Review: RFK

By Wendy Rosenfield
For the Inquirer 

Before New City Stage Company’s return engagement of RFK begins, Ren Manley’s collection of vintage black and white commercials and film clips, projected onto an onstage wall, sets the scene. There’s an obituary reel for Marilyn Monroe -- that favorite of Bobby’s big brother Jack -- as well as an ad touting the luxury of oil heat and Don Knotts schooling the young Ron Howard about tough-guy behavior. When the lights dim, we hear the unmistakable muffled pop of a television’s button turning off. 

There’s no shortage of nostalgia tripping in this production, with even more evocative assists by Procol Harum, Jefferson Airplane and other bands from the era. The multimedia effects work both on boomers, who remember exactly where they were when they heard the terrible news, and younger audiences living through their own era of dashed hopes and undeclared wars. 

Jack Holmes’ script traces its way through Robert Kennedy’s final four years, after his brother’s assassination and during his run for the New York Senate, the births of the last two of his 11 children, his presidential bid, and the moment of his untimely death. Holmes portrays Bobby as an insecure but loyal little brother who finally found his purpose when he stepped out of JFK’s shadow and aligned himself with civil rights leaders to fight poverty and racial injustice. 

There’s a lot of information contained in the show’s two acts, and only one man, Russ Widdall, delivering it. While Ginger Dayle’s direction favors staccato lights up/lights down and actor-exit-and-reenter scene changes, Widdall tempers these more obvious tricks, as well as some of Holmes’ clunkier segues. The elision of RFK’s memory of Jackie Kennedy’s backyard football catch (“Isn’t that what they call it? A bomb?”) with a Kennedy/Johnson telephone conversation (“Limited bombing? But what’s a limited bombing?”) is easier to forgive when Widdall’s delivering it.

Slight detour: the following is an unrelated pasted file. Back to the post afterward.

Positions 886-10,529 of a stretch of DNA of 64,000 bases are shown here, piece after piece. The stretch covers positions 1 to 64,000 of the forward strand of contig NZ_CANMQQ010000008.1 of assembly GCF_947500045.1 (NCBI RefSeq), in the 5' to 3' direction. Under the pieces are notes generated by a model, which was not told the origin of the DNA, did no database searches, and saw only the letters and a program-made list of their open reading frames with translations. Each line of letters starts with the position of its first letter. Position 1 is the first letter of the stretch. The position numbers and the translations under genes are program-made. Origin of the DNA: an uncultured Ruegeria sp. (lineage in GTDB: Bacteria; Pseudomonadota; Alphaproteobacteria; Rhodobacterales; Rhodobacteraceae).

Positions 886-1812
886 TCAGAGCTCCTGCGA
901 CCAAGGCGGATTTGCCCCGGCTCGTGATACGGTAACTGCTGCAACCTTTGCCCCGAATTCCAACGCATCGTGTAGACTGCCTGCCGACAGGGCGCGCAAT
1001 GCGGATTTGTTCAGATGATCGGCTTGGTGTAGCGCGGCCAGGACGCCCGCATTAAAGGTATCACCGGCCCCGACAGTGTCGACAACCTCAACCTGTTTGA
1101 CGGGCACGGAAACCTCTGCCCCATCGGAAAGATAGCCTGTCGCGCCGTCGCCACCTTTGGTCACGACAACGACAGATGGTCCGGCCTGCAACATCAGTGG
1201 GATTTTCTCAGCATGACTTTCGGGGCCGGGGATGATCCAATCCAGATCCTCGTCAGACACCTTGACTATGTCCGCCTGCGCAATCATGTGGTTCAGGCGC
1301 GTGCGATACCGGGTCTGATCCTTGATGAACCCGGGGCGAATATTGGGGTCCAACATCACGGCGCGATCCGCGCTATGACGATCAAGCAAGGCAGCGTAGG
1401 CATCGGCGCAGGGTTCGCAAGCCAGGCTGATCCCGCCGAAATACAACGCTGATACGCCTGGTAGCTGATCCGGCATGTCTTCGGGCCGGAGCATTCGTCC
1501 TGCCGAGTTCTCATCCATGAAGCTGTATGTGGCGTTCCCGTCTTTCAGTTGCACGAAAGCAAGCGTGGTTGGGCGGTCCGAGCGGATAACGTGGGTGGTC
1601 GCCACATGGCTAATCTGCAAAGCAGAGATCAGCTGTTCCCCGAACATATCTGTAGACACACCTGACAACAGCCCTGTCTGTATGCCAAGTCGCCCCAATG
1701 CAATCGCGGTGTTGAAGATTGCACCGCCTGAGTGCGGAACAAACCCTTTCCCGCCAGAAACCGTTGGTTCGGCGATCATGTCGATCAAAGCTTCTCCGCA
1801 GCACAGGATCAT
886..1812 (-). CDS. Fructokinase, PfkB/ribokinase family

That Kennedy Brahmin manner of speaking goes a long way in helping Widdall’s transformation -- he’s bigger and older-looking than Bobby was -- but, to his credit, he never allows the most famous accent in politics to gain top billing. His portrayal is vulnerable and understated. His Bobby remembers his family with eyes that reflect fear and admiration, challenges his enemies with a sudden fire that dissipates as quickly as it bursts forth. At the performance I attended, several older audience members left the show wiping away tears; if that’s not a resonant endorsement of Widdall’s Kennedy-style charisma, I don’t know what is.

Playing at: Second Stage at the Adrienne Theatre, 2030 Sansom St., Philadelphia. Through Sun., Nov. 24. Tickets: $10 to $35. Information: 215-563-7500 or